Presentation on theme: "Classic File Systems: FFS and LFS Presented by Hakim Weatherspoon."— Presentation transcript:
Classic File Systems: FFS and LFS Presented by Hakim Weatherspoon
A Fast File System for UNIX Marshall K. McKusick, William N. Joy, Samuel J Leffler, and Robert S Fabry Bob Fabry –Professor at Berkeley. Started CSRG (Computer Science Research Group) developed the Berkeley SW Dist (BSD) Bill Joy –Key developer of BSD, sent 1BSD in 1977 –Co-Founded Sun in 1982 Marshall (Kirk) McKusick (Cornell Alum) –Key developer of the BSD FFS (magic number based on his birthday, soft updates, snapshot and fsck. USENIX Sam Leffler –Key developer of BSD, author of Design and Implementation
3 Background: Unix Fast File Sys Original UNIX File System (UFS) –Simple, elegant, but slow –20 KB/sec/arm; ~2% of 1982 disk bandwidth Problems –blocks too small –consecutive blocks of files not close together (random placement for mature file system) –i-nodes far from data (all i-nodes at the beginning of the disk, all data afterward) –i-nodes of directory not close together –no read-ahead
4 Inodes and directories Inode doesn't contain a file name Directories map files to inodes –Multiple directory entries can point to same Inode –Low-level file system doesn't distinguish files and directories –Separate system calls for directory operations
5 File system on disk... super block disk layout freespace map inodes and blocks in use inodes inode size < block size data blocks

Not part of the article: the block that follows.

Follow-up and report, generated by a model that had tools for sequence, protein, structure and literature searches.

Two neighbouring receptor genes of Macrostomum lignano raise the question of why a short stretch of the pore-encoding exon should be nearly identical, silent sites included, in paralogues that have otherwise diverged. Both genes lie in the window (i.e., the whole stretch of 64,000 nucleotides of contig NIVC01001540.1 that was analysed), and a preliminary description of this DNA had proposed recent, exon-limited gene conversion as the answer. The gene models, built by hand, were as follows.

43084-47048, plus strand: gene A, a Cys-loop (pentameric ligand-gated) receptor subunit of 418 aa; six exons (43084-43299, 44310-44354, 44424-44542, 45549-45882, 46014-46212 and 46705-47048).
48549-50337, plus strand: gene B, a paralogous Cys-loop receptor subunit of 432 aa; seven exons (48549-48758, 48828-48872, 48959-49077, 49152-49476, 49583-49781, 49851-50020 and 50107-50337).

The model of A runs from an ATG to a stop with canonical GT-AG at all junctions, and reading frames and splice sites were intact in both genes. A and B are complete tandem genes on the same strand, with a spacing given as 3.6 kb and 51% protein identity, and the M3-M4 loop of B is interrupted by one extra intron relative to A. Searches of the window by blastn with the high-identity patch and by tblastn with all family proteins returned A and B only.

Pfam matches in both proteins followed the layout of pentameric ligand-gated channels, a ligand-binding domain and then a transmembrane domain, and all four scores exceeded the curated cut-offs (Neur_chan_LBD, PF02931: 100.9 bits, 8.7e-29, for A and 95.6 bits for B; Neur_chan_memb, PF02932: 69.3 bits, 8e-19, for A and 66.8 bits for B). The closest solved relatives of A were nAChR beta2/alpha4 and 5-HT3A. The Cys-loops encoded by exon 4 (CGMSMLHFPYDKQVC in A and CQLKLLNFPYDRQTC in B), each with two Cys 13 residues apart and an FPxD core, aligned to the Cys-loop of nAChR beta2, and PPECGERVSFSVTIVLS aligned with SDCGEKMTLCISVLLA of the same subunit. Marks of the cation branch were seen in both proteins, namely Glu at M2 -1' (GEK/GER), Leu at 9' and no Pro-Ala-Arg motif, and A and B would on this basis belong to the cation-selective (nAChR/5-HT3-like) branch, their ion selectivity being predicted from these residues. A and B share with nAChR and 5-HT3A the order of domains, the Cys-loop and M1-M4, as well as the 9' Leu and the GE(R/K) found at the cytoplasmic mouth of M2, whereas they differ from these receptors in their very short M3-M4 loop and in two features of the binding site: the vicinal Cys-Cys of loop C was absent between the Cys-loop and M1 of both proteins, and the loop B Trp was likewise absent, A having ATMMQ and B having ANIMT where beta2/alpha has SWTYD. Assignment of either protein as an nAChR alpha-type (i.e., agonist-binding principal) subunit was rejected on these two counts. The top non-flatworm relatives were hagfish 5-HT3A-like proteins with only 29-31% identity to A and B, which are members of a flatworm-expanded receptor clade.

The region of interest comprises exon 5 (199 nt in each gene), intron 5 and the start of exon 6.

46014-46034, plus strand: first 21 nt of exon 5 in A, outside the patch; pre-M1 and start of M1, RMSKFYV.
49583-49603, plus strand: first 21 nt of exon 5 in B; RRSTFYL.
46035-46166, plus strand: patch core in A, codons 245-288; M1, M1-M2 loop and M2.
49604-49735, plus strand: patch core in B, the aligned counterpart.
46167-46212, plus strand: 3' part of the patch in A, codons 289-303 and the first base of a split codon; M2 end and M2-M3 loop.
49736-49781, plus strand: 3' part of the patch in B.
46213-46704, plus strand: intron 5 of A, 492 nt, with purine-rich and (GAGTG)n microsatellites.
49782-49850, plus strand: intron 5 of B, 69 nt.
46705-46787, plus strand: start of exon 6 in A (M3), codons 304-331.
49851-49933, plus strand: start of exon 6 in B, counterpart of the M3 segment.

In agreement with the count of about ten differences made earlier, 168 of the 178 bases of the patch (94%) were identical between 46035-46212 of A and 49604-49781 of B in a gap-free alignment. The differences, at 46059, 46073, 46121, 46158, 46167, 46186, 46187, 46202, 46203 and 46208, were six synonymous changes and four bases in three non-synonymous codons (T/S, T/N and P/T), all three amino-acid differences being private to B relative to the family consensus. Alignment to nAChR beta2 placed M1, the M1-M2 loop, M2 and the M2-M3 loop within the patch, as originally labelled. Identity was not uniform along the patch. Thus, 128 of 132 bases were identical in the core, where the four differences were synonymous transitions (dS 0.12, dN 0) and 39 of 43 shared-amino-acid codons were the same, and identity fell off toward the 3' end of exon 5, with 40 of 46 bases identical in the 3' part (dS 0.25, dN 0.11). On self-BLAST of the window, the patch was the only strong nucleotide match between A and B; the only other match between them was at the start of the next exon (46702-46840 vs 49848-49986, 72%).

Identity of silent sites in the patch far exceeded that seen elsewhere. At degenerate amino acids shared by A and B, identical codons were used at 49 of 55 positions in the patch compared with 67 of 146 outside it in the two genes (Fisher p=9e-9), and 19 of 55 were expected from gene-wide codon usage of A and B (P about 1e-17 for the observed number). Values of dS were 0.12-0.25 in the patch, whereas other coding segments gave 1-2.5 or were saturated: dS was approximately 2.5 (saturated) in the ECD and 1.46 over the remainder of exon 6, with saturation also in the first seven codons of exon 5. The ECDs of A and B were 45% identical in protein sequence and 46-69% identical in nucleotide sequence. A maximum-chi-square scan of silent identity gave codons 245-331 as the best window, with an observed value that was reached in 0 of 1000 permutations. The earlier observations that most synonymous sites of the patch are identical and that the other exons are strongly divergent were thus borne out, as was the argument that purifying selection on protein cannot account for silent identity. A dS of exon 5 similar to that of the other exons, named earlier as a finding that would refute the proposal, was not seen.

7 The Unix Berkeley Fast File System Berkeley Unix (4.2BSD) 4kB and 8kB blocks –(why not larger?) –Large blocks and small fragments Reduces seek times by better placement of file blocks –i-nodes correspond to files –Disk divided into cylinders contains superblock, i-nodes, bitmap of free blocks, summary info –Inodes and data blocks grouped together –Fragmentation can still affect performance
8 FFS implementation Most operations do multiple disk writes –File write: update block, inode modify time –Create: write freespace map, write inode, write directory entry Write-back cache improves performance –Benefits due to high write locality –Disk writes must be a whole block –Syncer process flushes writes every 30s
9 FFS Goals keep dir in cylinder group, spread out different dir’s Allocate runs of blocks within a cylinder group, every once in a while switch to a new cylinder group (jump at 1MB). layout policy: global and local –global policy allocates files & directories to cylinder groups. Picks “optimal” next block for block allocation. –local allocation routines handle specific block requests. Select from a sequence of alternative if need to.
10 FFS locality don’t let disk fill up in any one area paradox: for locality, spread unrelated things far apart note: FFS got 175KB/sec because free list contained sequential blocks (it did generate locality), but an old UFS had randomly ordered blocks and only got 30 KB/sec